In the next article we are going to take a look at ProtonVPN. This is a VPN service provider based in Switzerland. In the following lines we will see how to install and use ProtonVPN from the Ubuntu, Debian or Linux Mint desktop.
For those who don’t know, VPN stands for Virtual Private Network, and with this service a secure and encrypted ‘tunnel’ is configured between our device and the VPN server. Keep in mind that using a VPN service is not a silver bullet to protect our privacy and security online. For those looking for greater security, perhaps it is a better option to use the Tor browser in Tails Linux. However, I think most users don’t need to go that far.
General characteristics of ProtonVPN
- He full disk encryption it is implemented on all ProtonVPN servers.
- All client applications are open source.
- In the paid version we can route all your traffic through the Tor network and access the Onion sites.
- Supports IKEv2 / IPSec and OpenVPN secure protocols.
- DNS leak protection and IPv6 leak protection.
- Graphical VPN Client available for Android, iOS, Mac OS X, and Windows. In Gnu / Linux we can use the terminal client.
- In the paid version we can use ProtonVPN to browse anonymously on multiple devices at the same time.
- ProtonVPN has more than 1076 servers in 54 different countries.
- No registration policy. ProtonVPN does not collect, record or store any browsing activity, data, or IP addresses.
- The torrent function in the paid version.
- VPN kill switch. If the VPN connection drops, our computer will revert to the original public IP by default.
These are just some of the features. Can be consult all of it in detail from the project website.
Install ProtonVPN on Ubuntu / Debian / Mint
First of all, we will need go to the official website of ProtonVPN and sign up for a free account. With the free version that we are going to use in this example we will get 1 VPN connection, servers in 3 countries, an average speed and we will get a service without registrations or ads.
It is necessary to mention that ProtonVPN supports IKEv2 / IPSec and OpenVPN protocols. For this example we will use OpenVPN, since it is very secure and easy to configure:
sudo apt install openvpn dialog python3-pip python3-setuptools
Next we need install ProtonVPN client for Gnu / Linux. We will achieve this by typing in a terminal (Ctrl + Alt + T):
sudo pip3 install protonvpn-cli
Using the ProtonVPN client in Ubuntu
After installation, we will have to log into our ProtonVPN account with the following command:
sudo protonvpn init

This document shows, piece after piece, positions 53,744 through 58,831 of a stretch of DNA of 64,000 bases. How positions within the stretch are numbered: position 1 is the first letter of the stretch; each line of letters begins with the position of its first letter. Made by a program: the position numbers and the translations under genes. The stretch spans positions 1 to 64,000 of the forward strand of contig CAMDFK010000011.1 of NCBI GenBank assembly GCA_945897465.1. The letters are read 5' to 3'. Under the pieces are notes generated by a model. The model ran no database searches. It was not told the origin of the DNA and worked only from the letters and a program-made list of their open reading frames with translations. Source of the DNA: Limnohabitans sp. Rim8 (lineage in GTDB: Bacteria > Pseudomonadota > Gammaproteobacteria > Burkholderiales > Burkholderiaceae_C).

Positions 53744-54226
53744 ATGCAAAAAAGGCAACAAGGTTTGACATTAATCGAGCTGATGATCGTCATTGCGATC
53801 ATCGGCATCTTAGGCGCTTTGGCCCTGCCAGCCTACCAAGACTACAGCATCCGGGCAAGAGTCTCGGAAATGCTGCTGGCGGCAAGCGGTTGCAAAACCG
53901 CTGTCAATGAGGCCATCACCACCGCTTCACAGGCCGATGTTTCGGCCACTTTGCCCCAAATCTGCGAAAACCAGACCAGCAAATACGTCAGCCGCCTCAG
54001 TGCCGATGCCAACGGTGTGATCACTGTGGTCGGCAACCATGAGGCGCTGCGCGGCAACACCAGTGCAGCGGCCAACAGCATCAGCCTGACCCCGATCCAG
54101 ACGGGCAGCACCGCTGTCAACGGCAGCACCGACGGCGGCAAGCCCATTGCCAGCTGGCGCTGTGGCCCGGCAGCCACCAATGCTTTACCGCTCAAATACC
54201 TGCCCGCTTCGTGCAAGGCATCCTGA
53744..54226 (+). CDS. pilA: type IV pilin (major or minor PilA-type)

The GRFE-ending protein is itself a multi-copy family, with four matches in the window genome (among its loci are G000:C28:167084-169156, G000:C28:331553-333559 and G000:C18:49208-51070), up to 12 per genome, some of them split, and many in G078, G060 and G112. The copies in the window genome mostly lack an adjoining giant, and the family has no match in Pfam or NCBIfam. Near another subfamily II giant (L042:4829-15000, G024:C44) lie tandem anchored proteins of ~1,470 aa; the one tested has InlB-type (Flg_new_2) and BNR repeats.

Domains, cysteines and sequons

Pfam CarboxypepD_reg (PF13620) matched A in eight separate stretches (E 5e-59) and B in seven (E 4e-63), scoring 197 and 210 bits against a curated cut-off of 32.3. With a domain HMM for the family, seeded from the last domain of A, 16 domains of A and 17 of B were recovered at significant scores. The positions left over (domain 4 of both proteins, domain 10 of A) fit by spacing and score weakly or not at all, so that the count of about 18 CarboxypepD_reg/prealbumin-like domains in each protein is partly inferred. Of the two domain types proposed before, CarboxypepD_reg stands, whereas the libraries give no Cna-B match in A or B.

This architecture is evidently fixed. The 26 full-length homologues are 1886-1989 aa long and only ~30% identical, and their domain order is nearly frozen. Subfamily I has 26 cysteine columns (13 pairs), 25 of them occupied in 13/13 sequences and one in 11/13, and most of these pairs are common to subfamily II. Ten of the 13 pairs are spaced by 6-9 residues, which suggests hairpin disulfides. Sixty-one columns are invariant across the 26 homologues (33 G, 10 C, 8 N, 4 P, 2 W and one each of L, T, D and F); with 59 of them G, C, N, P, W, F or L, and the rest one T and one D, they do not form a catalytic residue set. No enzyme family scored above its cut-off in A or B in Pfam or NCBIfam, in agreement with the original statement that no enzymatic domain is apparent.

Username and password can be found at bill we just created.
Back in the terminal, we will have to select our ProtonVPN plan (in this case free) and choose UDP or TCP as the transport layer protocol. As indicated on their website, it is advisable to use UDP first, if there is a problem establishing the VPN connection, we can use the TCP protocol.
Keep in mind that ProtonVPN client for Gnu / Linux does not support IPv6. It is recommended to disable IPv6 on our Gnu / Linux device to avoid IPv6 address leakage. We will achieve this by editing /etc/sysctl.conf with a text editor:
sudo vim /etc/sysctl.conf
AND adding the following lines at the end of this file.
net.ipv6.conf.all.disable_ipv6 = 1 net.ipv6.conf.default.disable_ipv6 = 1 net.ipv6.conf.lo.disable_ipv6 = 1 net.ipv6.conf.tun0.disable_ipv6 = 1
Save and close the file. Now we can now establish the VPN connection to the ProtonVPN server:
sudo protonvpn connect
It will ask us to choose a country. Free users will have 3 countries to choose from.
The next screen it will ask us to choose a server from the selected country.
Then we will have to choose TCP or UDP as the transport layer protocol. After a few seconds, VPN connection should be established.
IPv6, DNS and WebRTC leak test
Once the connection is established, we can direct us to ipleak.net. If everything works correctly, we should see something like the following:
This page will show us that our team will have a new IP address, so from the Internet you should no longer be able to see our real public IP address.
As you can see from the above screenshot, there is no IPv6 address in the test result, which means that the IPv6 address is also hidden from the Internet. There is also no IP address in the detection section of WebRTC and no IP address in the DNS addresses section. If your ISP’s DNS server appears in the test results, it means we have a DNS leak, which means that your ISP’s DNS server is translating domain names to IP addresses, so the ISP knows which websites you are visiting.
How to disconnect ProtonVPN
We just have to run the following command to disconnect ProtonVPN:
sudo protonvpn disconnect
If we want uninstall this client through the package manager that we use for installation:
sudo pip3 uninstall protonvpn-cli
For learn more about prontonvpn-cli installation and how to use it, users can consult the help offered on the project website.